#Infosec2024: CISOs Need to Move Beyond Passwords For Security

Both enterprises and consumer-facing organizations should look to move away from passwords in favor of more secure, and convenient, forms of authentication.

This was the view of experts on authentication, speaking at Infosecurity Europe 2024.

The sheer number of passwords the average business user, or consumer, now needs to remember causes practical difficulties as well as security risks. There is always the danger that someone will “write a password on a napkin,” or store them in a document online.

“Authentication is one of the few controls that are highly dependent on the user,” said Raul Zeppenfeldt, principal consultant at PA Consulting. “It is a fundamental flaw you cannot control.”

Then there is the risk that even strong passwords can be compromised; a risk that will only increase with newer technologies such as quantum computing.

“Noone can remember 40 passwords for the 40 applications they use,” said Parul Khedwal, security operations lead at Trainline. “It’s not just about convenience, but about security.”

Moving to multi-factor authentication (MFA) will improve matters, but Khedwal suggested that passwordless authentication is the best way to improve security. This is one reason it is being adopted in sensitive areas, such as banking apps.

“It’s what’s most important. Banking app data, enterprise data are the key use cases for going passwordless,” she said. “Most banking apps have done away with passwords.” Instead, they are using biometrics or passwordless authentication.

Digital Consumption

The need to improve authentication is being made even more urgent by the increased use of digital systems.

This means setting and remembering more passwords. It also means more threats: criminal hackers target authentication, and especially weak passwords, as a way to access sensitive data or to gain access to enterprise systems.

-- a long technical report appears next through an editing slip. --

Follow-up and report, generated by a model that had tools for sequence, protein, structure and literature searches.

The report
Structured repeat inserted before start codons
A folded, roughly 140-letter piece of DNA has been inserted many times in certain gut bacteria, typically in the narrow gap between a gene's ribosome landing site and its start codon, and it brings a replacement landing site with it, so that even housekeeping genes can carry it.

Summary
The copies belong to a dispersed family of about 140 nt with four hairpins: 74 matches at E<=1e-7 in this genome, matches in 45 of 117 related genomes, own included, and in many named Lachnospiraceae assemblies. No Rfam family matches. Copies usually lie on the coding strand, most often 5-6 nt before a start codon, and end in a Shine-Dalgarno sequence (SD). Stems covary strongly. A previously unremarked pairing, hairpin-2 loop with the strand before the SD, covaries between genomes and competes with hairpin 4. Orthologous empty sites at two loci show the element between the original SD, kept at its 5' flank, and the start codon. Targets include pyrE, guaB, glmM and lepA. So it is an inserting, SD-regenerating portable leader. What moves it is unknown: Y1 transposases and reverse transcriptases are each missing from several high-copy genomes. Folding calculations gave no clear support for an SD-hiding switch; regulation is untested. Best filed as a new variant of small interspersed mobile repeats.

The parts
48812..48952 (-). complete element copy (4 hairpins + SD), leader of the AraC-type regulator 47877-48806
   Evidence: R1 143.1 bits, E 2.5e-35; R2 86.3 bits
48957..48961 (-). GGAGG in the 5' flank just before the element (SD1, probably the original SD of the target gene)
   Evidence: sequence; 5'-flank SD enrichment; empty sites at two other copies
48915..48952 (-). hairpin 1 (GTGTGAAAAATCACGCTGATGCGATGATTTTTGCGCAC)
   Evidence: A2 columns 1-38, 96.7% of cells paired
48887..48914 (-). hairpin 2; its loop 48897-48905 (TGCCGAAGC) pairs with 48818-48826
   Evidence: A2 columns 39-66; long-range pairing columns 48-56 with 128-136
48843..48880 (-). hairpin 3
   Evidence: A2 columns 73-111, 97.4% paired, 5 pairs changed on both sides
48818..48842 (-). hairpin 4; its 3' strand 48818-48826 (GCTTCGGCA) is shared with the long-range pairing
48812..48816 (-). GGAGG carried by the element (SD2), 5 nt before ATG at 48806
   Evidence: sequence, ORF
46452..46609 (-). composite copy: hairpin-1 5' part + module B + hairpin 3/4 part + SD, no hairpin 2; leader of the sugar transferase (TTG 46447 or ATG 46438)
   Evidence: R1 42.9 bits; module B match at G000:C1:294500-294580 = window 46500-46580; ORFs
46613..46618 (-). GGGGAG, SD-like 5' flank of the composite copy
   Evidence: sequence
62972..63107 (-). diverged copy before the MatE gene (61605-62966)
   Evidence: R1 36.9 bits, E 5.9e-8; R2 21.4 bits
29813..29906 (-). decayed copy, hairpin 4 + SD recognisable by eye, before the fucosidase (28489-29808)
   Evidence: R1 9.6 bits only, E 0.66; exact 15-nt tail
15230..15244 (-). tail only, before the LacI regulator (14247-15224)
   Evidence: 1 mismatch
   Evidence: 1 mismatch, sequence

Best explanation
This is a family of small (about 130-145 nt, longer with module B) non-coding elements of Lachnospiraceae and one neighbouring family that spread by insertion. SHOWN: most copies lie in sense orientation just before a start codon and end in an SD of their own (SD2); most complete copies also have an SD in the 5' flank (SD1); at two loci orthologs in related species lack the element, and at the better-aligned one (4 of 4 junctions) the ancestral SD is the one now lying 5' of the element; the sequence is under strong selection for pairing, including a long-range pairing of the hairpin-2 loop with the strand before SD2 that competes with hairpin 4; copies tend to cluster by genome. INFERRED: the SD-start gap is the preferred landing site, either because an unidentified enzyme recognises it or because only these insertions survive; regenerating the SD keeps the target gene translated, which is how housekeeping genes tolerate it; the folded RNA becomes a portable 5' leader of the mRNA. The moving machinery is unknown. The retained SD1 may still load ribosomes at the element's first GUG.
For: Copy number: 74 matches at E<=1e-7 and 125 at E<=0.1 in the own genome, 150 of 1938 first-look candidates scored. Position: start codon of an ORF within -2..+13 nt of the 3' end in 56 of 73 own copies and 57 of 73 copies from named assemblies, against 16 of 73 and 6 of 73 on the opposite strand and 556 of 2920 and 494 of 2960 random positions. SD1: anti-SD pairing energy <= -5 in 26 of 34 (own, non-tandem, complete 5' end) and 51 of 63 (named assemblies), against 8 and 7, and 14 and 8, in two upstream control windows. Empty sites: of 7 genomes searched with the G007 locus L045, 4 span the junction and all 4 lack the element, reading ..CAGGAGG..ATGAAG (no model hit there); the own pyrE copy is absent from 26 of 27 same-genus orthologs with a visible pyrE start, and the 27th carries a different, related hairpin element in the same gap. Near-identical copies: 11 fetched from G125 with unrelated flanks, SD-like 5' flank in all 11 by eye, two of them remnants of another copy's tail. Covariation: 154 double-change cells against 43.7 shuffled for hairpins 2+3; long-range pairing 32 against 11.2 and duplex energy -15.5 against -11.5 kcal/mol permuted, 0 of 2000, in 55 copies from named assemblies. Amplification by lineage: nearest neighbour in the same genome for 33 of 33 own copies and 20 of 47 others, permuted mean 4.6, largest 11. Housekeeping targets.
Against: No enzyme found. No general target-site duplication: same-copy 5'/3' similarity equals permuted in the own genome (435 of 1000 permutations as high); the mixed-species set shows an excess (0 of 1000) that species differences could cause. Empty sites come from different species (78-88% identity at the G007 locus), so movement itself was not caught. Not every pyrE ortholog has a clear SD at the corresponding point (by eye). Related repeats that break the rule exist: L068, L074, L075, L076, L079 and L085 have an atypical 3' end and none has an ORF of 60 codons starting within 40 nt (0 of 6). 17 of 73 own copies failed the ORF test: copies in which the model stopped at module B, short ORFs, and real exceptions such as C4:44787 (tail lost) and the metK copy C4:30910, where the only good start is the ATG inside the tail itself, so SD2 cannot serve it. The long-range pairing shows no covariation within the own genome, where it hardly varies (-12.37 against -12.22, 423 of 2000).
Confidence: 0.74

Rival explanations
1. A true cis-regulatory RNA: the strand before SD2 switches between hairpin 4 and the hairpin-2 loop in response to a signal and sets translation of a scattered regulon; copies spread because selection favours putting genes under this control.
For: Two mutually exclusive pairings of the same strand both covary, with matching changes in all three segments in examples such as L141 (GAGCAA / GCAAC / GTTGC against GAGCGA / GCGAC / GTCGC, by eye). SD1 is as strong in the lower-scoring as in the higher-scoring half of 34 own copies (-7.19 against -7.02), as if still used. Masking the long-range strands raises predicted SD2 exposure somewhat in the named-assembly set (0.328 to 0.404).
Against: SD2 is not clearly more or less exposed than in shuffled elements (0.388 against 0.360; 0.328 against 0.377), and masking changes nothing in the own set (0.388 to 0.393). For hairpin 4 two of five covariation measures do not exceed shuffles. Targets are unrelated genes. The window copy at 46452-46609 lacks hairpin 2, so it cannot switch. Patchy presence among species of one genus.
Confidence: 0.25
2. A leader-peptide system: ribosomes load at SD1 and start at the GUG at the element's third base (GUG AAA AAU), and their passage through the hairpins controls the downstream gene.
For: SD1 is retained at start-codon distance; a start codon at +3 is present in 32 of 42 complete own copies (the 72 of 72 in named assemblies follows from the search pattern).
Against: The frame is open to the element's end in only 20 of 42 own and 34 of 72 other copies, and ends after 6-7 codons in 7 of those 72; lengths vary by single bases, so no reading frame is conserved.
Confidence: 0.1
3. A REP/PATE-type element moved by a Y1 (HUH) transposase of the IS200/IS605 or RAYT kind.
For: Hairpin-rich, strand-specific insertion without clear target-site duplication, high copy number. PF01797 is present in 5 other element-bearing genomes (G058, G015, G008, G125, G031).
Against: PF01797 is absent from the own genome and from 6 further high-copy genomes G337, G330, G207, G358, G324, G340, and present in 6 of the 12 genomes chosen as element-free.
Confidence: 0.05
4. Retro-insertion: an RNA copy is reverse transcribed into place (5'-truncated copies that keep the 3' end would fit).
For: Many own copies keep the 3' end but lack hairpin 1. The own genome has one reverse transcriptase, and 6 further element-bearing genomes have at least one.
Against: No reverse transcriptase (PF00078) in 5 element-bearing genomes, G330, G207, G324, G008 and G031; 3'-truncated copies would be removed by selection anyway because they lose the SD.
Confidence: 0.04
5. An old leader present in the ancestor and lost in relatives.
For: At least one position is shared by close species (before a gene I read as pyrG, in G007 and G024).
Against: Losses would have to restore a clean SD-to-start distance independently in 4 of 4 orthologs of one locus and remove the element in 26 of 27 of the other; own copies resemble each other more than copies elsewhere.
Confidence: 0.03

According to Zeppenfeldt, as many as 90% of breaches can be traced back to password compromises. Doing away with passwords both reduces risks and cuts overheads from services such as password resets.

Zeppenfeldt sees increasing interest in zero trust, as well as passwordless authentication. 

“The zero-trust principle assumes that passwords will be guessed,” he said.

Instead, architectures such as zero trust work with behavioral patterns, such as a user accessing systems from an unusual time of day or outside their normal working hours. “It’s moving from static to adaptive security,” Zeppenfeldt explained.

At Trainline, Khedwal agrees that a new approach is needed. Even MFA is vulnerable to advanced attacks, stealing and then rerunning tokens or one-time passwords. “You need a second layer to make it more secure as a whole,” she said.

Preventing User Fatigue

Moving away from passwords, and even MFA, can also help deal with user fatigue. Even advanced authentication methods can become “muscle memory,” warned Zeppenfeldt.

Read more from Infosecurity Europe: #Infosec2024: How to Change Security Behaviors Beyond Awareness Training

Passwordless systems, even if they stop short of a full zero-trust environment, improve convenience as well as security. CISOs should look at approaches such as the FIDO model or web 3.0 technologies as a basis for future authentication systems.

This, Zeppenfeldt added, should guard against emerging threats too, including AI and potentially, quantum computing systems that could, in a few years’ time, risk breaking common encryption and authentication methods.

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